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Houston drops the game to Arizona

D-backs outslug Greinke and Astros to take series opener

Photo by Stephen Brashear/Getty Images

With the series win over the Rangers by taking two of three games in the middle of the week, the Astros welcomed the Diamondbacks to Minute Maid Park for a three-game weekend series, Houston's final three regular-season home games. Here is how the opener unfolded:

Final Score: Diamondbacks 6, Astros 3.

Record: 25-26, second in the AL West.

Winning pitcher: Zac Gallen (2-2, 3.00 ERA).

Losing pitcher: Luis Garcia (0-1, 2.53 ERA).

Houston scores first, but Arizona grabs a lead against Greinke

Houston would get on the board first on Friday night, with George Springer reaching base in the bottom of the first on an error, moving to second on a walk, then to third on a single, as the Astros loaded the bases with no out to threaten a big inning. Instead, they would come away with just one run, with Springer taking home on a wild pitch, grabbing the 1-0 lead, but leaving runs on the table.

They doubled their lead in the bottom of the third, getting a two-out RBI-double by Kyle Tucker to make it a 2-0 Houston lead. The D-backs responded in the top of the fourth, getting back-to-back singles to lead off the inning before a three-run homer by Kole Calhoun off of Zack Greinke would put Arizona in front, 3-2. Greinke would finish one more inning before Houston would move to their bullpen, striking out the side to bring his total to nine on the night, making the bad fourth inning the one blemish on his night. His final line: 5.0 IP, 6 H, 3 R, 3 ER, 0 BB, 9 K, 1 HR, 89 P.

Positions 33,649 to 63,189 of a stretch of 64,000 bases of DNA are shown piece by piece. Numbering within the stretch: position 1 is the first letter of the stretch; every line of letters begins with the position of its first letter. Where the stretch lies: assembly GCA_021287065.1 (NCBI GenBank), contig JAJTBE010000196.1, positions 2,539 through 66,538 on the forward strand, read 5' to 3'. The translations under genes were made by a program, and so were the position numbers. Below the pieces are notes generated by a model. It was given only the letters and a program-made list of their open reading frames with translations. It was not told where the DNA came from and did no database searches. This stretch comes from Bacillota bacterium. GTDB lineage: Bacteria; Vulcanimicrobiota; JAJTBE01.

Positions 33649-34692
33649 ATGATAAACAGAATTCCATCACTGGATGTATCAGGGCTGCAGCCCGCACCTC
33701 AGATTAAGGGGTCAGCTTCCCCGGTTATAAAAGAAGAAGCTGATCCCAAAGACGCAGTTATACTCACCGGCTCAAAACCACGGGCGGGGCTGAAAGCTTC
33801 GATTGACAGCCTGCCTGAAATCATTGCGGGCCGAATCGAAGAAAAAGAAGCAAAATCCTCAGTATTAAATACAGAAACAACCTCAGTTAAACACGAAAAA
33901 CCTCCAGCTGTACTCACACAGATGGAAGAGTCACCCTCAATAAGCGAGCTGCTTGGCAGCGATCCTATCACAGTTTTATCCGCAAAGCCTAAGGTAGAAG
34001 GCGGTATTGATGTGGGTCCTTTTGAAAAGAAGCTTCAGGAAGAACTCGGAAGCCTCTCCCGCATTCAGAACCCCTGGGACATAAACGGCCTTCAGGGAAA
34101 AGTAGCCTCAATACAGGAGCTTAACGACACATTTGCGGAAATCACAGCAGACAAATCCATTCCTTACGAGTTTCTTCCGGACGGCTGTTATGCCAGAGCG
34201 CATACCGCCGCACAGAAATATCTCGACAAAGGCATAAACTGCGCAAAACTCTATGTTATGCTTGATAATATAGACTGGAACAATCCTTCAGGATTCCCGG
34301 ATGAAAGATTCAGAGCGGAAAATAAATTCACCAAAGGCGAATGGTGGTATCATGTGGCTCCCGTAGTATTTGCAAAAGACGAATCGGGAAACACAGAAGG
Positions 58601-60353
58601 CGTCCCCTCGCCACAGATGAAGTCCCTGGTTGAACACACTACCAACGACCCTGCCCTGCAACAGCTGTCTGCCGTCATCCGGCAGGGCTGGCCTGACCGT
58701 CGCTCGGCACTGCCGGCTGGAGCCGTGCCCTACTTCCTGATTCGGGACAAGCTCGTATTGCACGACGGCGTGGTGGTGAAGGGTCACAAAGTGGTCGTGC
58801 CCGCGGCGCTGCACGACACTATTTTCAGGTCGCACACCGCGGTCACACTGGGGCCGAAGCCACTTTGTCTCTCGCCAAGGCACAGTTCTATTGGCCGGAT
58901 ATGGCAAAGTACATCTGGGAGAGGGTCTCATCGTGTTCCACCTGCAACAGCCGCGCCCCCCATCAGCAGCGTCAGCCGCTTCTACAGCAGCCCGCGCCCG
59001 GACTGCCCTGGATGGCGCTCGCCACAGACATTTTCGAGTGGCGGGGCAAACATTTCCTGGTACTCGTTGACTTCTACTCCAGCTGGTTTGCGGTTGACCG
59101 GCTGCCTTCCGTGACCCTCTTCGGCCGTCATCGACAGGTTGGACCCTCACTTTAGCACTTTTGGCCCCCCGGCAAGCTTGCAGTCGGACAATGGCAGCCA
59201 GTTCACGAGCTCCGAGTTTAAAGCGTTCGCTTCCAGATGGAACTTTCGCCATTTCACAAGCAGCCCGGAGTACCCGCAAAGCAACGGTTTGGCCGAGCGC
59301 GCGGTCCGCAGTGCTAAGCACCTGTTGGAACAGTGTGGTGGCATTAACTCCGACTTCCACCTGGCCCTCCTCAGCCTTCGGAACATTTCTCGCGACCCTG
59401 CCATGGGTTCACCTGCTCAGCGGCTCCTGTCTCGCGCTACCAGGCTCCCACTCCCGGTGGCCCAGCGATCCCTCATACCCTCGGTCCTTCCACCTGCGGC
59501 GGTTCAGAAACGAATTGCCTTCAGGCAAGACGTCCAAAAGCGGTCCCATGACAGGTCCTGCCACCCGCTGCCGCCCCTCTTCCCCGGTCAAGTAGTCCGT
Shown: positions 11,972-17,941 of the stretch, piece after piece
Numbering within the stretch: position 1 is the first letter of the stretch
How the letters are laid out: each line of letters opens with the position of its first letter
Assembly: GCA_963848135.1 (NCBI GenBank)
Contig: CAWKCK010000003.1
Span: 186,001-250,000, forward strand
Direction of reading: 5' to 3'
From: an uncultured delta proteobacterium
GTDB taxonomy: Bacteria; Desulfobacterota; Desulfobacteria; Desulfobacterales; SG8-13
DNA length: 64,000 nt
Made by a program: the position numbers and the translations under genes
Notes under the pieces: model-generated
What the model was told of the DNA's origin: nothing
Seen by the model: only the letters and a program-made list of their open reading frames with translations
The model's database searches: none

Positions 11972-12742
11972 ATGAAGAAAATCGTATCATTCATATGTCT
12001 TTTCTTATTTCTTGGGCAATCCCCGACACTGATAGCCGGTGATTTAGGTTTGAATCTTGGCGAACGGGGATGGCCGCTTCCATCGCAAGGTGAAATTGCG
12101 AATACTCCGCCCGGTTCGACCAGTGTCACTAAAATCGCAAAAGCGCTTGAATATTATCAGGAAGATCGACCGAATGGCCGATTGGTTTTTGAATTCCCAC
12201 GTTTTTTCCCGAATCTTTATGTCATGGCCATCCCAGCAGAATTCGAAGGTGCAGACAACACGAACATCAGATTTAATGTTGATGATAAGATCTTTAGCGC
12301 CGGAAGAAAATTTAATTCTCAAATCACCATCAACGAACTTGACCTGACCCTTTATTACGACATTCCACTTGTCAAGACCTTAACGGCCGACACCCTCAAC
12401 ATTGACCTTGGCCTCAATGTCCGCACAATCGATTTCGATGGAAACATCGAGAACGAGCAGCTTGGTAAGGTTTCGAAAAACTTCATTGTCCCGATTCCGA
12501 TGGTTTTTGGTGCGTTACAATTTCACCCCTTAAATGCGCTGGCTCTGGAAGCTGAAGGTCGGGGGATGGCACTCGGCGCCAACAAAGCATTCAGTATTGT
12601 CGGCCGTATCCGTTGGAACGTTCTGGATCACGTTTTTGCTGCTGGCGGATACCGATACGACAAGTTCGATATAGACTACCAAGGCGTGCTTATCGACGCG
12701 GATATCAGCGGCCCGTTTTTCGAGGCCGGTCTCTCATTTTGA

Astros tie it, but D-backs take the opener

George Springer would get Greinke off the hook in the bottom of the fifth, leading off the half-inning with a solo bomb to tie the game at 3-3. Luis Garcia was first out of Houston's bullpen and retired Arizona in order for a 1-2-3 inning in the top of the sixth. He returned for the top of the seventh but would allow a leadoff single, RBI-triple, and wild pitch to bring in two runs. He would face two more batters, allowing a double and getting a strikeout, before Dusty Baker would come out to get him, now down 5-3.

Blake Taylor would make his return from the IL after Garcia, getting back-to-back outs to finish the inning. He continued on in the 5-3 game in the top of the eighth, but allowed a one-out solo homer to Calhoun, his second of the night and fourth RBI. That made it a 6-3 D-backs lead, which would go final as Houston would go scoreless after Springer's home run back in the fifth.

Up Next: The middle game of this three-game set will start Saturday at 6:10 PM Central. The pitching matchup will be Luke Weaver (1-7, 6.70 ERA) for Arizona and Cristian Javier (4-2, 3.22 ERA) for Houston.